I'd like to get some comments from the esteemed experts here about proper usage of "such as" versus "like" versus well, are there alternatives?
To take a concrete and (I hope) accessible example, suppose I want to express the idea "vehicles in the class of vehicles exemplified by SUVs are big." Here are some choices I can think of:

(1) "Vehicles like SUVs are big."
(2) "Vehicles such as SUVs are big."
(3) "Vehicles, such as SUVs, are big."
(4) "SUVs and other similar vehicles are big."
I'm uncomfortable with (1) because I vaguely remember reading somewhere that to the pedantic, "vehicles like SUVs" means "vehicles that are like* SUVs, but *not SUVs." Being pedantic myself, I'd prefer not to step on the sensibilities of my fellow pedants.

Up until about a week ago I would have written (2) and not thought more about it. But two copyeditor types assure me that this is wrong, wrong, wrong, wrong clauses beginning "such as" must always be set off with commas.
That would make (3) correct, but IMO this shifts the meaning I want "such as SUVs" to be a restrictive clause (if that terminology makes sense here) rather than a non-restrictive clause something that can't be removed without changing the meaning.
One of the copyeditor types approves of (4), and there's something to be said for that, but it seems to shift the emphasis a bit from the whole class (vehicles) to the exemplar (SUVs).
So, assembled experts, some questions:
(a) Which do you prefer?
(b) Do you agree that clauses beginning "such as" must always be set off with commas?
(c) Do you agree that (2) and (3) don't quite mean the same thing?

(d) Other comments or advice?
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I'd like to get some comments from the esteemed experts here about proper usage of "such as" versus "like" versus well, are there alternatives?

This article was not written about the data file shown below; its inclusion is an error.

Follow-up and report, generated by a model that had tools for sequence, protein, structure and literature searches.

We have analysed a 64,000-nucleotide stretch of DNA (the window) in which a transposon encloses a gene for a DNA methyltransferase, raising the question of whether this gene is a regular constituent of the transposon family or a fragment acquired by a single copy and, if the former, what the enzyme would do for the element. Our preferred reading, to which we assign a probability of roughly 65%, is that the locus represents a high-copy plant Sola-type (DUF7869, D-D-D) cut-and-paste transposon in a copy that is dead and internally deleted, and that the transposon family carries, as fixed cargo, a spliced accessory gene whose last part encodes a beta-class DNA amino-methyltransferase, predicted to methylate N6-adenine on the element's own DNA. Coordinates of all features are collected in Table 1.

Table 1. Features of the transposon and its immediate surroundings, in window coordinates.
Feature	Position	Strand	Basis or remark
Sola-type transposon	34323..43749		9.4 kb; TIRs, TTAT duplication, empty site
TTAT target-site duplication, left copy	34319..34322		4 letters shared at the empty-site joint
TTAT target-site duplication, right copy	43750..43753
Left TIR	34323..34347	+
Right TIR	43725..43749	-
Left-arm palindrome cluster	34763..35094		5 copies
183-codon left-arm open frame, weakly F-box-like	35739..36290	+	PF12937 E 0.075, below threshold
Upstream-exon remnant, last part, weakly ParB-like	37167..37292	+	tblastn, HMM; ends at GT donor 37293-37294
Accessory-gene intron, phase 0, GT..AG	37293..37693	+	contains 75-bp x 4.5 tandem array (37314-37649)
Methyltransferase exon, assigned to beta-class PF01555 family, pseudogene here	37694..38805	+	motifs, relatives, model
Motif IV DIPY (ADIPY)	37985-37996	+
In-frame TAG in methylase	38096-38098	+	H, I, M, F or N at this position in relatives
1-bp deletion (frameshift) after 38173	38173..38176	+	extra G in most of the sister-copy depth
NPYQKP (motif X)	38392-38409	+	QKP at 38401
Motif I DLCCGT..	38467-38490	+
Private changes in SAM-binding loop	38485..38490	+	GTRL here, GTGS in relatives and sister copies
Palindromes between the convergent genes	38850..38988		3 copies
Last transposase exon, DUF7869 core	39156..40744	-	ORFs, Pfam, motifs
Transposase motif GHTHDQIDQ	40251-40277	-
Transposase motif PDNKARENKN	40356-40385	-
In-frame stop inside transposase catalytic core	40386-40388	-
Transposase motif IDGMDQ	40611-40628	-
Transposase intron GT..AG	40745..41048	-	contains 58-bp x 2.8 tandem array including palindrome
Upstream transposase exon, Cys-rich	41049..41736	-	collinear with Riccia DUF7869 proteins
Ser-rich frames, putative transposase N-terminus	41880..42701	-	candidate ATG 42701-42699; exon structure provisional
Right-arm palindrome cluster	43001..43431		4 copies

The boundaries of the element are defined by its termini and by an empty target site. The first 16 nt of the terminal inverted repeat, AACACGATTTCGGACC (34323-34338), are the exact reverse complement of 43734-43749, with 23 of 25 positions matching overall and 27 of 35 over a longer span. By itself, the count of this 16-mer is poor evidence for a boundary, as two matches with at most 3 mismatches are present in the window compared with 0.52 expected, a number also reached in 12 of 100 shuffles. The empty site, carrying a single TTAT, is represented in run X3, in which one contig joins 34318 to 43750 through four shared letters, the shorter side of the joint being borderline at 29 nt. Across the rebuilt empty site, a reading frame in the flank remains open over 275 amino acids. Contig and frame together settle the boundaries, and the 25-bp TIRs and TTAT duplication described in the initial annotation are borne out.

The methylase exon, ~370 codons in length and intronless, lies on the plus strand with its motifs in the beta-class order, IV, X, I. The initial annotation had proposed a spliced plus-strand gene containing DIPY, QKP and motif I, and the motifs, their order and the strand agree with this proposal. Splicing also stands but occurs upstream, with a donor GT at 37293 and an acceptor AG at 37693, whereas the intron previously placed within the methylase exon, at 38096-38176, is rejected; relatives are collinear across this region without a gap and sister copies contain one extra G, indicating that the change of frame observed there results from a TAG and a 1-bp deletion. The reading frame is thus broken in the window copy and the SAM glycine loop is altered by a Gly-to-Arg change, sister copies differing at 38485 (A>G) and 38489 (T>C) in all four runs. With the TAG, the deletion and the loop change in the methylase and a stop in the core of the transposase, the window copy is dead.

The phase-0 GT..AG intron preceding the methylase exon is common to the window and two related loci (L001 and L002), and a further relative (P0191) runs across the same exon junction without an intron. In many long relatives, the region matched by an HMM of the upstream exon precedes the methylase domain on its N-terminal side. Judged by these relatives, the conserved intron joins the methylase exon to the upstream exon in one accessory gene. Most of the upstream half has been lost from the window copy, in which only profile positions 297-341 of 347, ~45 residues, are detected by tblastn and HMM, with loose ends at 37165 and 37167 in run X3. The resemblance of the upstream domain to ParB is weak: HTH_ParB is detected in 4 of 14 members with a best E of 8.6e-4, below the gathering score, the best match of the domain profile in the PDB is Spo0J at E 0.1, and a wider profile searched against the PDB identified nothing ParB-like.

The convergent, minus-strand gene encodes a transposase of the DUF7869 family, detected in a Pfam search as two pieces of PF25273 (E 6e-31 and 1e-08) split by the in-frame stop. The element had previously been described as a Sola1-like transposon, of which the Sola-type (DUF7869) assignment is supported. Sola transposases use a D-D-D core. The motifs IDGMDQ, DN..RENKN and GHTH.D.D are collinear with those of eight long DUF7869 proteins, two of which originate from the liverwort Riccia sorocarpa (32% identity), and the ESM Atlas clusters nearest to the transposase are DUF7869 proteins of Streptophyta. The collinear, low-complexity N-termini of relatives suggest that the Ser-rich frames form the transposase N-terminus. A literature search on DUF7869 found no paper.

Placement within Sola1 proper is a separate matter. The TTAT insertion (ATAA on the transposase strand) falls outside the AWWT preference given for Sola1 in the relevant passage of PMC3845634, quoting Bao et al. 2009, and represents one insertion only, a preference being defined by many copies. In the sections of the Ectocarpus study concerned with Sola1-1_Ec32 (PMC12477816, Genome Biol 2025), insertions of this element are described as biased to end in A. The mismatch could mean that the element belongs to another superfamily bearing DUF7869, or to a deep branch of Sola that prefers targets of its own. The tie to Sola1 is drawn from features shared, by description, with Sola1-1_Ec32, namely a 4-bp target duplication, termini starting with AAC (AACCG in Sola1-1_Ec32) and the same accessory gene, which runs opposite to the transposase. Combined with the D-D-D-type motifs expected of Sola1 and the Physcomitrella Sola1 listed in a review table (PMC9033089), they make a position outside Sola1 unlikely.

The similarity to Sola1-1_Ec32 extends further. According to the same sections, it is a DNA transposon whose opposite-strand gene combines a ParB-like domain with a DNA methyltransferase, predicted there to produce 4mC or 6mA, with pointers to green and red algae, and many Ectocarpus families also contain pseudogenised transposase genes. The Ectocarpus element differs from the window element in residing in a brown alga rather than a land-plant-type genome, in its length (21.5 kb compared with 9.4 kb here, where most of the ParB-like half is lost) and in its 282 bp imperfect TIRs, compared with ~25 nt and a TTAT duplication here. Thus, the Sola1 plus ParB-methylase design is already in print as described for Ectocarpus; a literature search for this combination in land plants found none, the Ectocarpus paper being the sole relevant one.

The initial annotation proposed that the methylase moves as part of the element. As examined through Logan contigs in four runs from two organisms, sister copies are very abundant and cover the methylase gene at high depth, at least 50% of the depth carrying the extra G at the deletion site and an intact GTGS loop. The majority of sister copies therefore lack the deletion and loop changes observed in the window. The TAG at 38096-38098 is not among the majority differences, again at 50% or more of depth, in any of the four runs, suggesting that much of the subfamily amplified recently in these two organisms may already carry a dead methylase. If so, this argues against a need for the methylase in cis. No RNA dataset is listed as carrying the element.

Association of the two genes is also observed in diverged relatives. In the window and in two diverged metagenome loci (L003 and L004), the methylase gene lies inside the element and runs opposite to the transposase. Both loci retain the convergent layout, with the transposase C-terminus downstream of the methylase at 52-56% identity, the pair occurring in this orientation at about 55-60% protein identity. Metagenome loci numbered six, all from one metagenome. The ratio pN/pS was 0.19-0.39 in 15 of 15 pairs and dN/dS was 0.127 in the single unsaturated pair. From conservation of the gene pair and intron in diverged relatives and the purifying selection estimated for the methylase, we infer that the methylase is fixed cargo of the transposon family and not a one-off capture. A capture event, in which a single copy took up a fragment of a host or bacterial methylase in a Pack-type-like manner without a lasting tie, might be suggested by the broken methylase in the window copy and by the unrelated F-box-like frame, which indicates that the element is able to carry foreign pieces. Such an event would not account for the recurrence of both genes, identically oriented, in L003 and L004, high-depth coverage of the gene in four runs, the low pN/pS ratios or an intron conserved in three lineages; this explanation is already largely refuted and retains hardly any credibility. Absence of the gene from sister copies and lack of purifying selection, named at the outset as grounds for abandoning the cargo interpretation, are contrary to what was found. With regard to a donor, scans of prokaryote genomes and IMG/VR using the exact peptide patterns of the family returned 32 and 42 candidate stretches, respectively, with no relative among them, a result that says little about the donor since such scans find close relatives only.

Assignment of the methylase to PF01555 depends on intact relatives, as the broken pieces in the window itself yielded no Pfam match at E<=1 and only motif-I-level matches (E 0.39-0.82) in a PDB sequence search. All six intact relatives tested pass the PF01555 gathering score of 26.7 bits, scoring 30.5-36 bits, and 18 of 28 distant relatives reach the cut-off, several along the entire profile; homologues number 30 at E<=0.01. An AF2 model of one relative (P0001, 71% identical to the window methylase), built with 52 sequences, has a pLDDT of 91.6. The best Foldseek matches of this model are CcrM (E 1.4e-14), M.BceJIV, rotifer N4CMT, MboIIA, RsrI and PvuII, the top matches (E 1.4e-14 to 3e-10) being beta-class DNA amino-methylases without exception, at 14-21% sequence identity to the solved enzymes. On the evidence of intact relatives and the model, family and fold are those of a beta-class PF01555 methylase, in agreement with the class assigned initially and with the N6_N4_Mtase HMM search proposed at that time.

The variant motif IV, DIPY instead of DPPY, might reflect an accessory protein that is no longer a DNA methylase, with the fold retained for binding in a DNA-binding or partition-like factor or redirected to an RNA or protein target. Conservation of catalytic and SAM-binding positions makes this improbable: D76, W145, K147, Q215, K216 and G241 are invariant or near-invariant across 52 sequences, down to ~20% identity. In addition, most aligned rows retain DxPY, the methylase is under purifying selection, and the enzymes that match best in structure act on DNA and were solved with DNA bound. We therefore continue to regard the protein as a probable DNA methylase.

I am not an expert, and esteemed perhaps more by myself than by anyone else here, but here goes...
To take a concrete and (I hope) accessible example, suppose I want to express the idea "vehicles in the class ... bit from the whole class (vehicles) to the exemplar (SUVs). So, assembled experts, some questions: (a) Which do you prefer?

1 or 2. At a pinch, 2. No reason I can identify, it just sounds nicer tomy mind's ear. The pedantic objection you mention doesn't hold water, nor the ambiguity that some may suggest, i.e. that "like" could be misunderstood as a verb... (it would make no sense here to raise that objection, but just in case)
(b) Do you agree that clauses beginning "such as" must always be set off with commas?

Absolutely not. Only when they are parenthetical. Your copyeditor types need to learn one or two intricacies before making such sweeping generalisations.
(c) Do you agree that (2) and (3) don't quite mean the same thing?

Absolutely. (2) means that vehicles which can somehow considered as similar SUVs (the criteria for that judgement is not fixed here) are big. (3) means that vehicles are big, and informs us (in case we weren't sure what a vehicle is) that an SUV is a good example of a vehicle, even perhaps the generic embodiment of vehicularity.
(d) Other comments or advice?

(4) works fine - if you don't want to make that shift, then why mention SUVs specifically? I would personally put commas around the "and other similar vehicles", but that would make the shift you mention much stronger.

Other advice: send your copywriter types to aue.

Redwine
Hamburg
(previously: Berlin, Northants, Derbs, Staffs, NSW, Tasmania, Melbourne, rural Victoria, in that and many other orders)
I'd like to get some comments from the esteemed experts here about proper usage of "such as" versus "like" versus ... me that this is wrong, wrong, wrong, wrong clauses beginning "such as" must always be set off with commas.

Rubbish.
That would make (3) correct, but IMO this shifts the meaning I want "such as SUVs" to be a ... bit from the whole class (vehicles) to the exemplar (SUVs). So, assembled experts, some questions: (a) Which do you prefer?

(1). I understand the pedants' argument, but this way of using "like" is well established and perfectly well understood. It's hard to judge from your example sentence though, because it's a bit trite. Substitute "big" for something like "gas-guzzlers" or "the fashionable way for London mums to transport little Tommy to play-school" and it's clear that (3) is not what is intended.
(b) Do you agree that clauses beginning "such as" must always be set off with commas?

No.
(c) Do you agree that (2) and (3) don't quite mean the same thing?

Yes.
Adrian
Teachers: We supply a list of EFL job vacancies
(a) Which do you prefer?

I prefer (5): "SUVs and similar vehicles are big."